By MICHAEL PERKINS
IT OCCURRED TO ME, RECENTLY, TO LIST SOME OF THE WORKS OF ART that have imparted the greatest sense of peace to me, and to take note of how many of them were first conceived in a spirit of resistance or struggle.
A few come to mind at once: the stirring finale of Tchaikovsky’s 1812: the stirring images of Dust Bowl Americans striving to emerge from devastation and despair: nearly every page of every Dickens novel. Many of the things we recognize as artistically eternal or universal were originally created as protests, as deliberate acts of soulful sabotage against the prevailing darkness. Any act of art, including a photograph, can begin as a raised fist against something unthinkable, but the photograph itself can defy the odds in a different way: by being a defiant declaration of joy.
Journalistic images certainly play a key role in combating fear and ignorance, shining a light where some prefer it not be shone. But the very act of art is, itself, a protest….against the view that life is worthless, against the seductive pull of despair. Art is the affirmation of life, the insistence that it continue, even thrive. Like the flower peeping through the wire seen in this image, we aspire…we arc ourselves toward whatever light there is. And so, it’s easy to make a list of pictures that have gone beyond mere reportage to become celebrations of the things in the world that are still elegant, beautiful, and soul-sustaining.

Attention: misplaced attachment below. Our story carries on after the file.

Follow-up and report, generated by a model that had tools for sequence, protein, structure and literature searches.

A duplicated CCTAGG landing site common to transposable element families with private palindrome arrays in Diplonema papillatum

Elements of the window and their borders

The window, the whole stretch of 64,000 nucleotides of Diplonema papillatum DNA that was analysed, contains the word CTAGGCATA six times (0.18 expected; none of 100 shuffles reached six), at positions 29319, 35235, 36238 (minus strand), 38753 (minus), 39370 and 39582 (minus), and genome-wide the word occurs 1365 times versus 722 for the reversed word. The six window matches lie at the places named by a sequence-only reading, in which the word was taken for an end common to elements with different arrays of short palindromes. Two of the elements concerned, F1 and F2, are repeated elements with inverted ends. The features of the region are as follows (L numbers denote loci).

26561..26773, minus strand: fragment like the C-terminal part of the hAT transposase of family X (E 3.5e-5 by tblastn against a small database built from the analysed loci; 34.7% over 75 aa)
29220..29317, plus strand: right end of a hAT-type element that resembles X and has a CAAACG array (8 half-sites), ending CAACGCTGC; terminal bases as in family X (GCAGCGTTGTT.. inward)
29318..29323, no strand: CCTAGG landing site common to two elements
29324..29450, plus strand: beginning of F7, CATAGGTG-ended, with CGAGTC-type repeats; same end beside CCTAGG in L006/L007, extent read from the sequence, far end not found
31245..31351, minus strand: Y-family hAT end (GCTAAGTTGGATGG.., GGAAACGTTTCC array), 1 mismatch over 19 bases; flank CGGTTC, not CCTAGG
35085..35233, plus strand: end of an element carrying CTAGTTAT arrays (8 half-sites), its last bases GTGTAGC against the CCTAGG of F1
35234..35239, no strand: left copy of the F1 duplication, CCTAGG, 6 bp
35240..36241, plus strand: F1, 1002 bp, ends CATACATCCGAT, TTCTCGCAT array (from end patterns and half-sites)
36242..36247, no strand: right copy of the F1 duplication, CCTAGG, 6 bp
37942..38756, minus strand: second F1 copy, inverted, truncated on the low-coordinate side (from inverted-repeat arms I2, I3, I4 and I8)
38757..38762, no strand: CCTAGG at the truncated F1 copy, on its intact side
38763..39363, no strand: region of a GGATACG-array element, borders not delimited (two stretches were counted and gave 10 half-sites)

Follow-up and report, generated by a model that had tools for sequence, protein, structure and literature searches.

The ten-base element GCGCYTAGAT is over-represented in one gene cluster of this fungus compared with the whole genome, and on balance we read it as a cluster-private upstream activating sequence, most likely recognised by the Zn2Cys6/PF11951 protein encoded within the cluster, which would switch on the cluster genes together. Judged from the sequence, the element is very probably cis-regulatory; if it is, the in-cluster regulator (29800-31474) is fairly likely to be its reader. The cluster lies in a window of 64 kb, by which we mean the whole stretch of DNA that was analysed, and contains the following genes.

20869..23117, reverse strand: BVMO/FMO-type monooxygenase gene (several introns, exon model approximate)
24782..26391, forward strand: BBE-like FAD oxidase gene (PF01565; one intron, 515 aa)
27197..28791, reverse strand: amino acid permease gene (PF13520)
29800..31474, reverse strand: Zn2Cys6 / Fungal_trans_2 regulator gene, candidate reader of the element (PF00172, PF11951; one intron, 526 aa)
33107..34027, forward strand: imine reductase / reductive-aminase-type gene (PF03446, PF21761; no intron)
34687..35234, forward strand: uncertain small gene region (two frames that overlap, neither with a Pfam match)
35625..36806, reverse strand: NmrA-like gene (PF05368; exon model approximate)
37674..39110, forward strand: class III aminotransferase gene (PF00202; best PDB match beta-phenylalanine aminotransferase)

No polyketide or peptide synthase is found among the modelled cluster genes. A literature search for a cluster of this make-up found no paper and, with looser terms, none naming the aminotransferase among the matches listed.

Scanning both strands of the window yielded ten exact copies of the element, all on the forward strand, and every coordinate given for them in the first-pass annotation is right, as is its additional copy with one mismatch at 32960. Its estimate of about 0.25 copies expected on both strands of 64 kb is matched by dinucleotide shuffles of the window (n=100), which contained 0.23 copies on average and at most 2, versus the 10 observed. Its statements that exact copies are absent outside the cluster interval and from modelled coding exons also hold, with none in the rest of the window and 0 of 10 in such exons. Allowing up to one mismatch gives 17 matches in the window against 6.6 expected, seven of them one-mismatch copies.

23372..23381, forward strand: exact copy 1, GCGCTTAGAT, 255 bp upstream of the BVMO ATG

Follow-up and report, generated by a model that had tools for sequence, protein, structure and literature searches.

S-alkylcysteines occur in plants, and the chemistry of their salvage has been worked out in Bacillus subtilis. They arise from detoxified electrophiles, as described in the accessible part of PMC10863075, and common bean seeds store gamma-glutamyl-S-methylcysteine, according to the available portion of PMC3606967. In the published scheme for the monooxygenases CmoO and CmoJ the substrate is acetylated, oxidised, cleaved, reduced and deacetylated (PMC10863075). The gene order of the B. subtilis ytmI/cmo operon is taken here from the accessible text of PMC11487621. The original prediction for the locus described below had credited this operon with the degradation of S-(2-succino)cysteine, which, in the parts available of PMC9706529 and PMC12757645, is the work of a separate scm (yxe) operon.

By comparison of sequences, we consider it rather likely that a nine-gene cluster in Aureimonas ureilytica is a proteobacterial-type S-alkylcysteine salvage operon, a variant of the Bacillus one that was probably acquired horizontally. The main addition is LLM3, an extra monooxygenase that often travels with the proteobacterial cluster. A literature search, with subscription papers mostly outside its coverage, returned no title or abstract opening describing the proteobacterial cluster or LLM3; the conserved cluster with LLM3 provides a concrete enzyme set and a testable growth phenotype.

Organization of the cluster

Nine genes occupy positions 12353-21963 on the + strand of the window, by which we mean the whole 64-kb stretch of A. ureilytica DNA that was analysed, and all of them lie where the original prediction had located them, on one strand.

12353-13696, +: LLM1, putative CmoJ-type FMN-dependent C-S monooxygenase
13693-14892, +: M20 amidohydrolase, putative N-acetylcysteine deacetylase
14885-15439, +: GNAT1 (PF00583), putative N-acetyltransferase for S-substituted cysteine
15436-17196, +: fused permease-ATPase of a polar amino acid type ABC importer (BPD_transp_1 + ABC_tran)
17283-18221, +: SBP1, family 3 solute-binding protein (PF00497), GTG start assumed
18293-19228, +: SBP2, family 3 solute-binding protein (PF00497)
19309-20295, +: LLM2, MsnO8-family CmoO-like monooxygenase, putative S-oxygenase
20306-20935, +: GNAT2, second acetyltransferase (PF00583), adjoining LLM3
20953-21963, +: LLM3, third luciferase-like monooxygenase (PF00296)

There are days, like those of the present age (and countless ages before this), when it seems that night will never end, and, for those days, art that cries freedom, that re-certifies the best of us, is surely a revolutionary act. It’s more than merely “cheering up”, and it’s certainly not a turning away from “reality”. It is, instead, a refusal to go quietly, an act of resistance that says that hope is not only possible, but the only perpetually blooming human instinct that can bore through the stone of silence, the barriers of hate.
Photographs are part of this refusal to lie down and die, a tool that the artist can use to stoop down into the rubble and resurrect something that will outlast the night. In measuring light inside our magic boxes, we preserve it, sanctify it, and, in so doing, all of us, one image at a time, begin to save the world entire.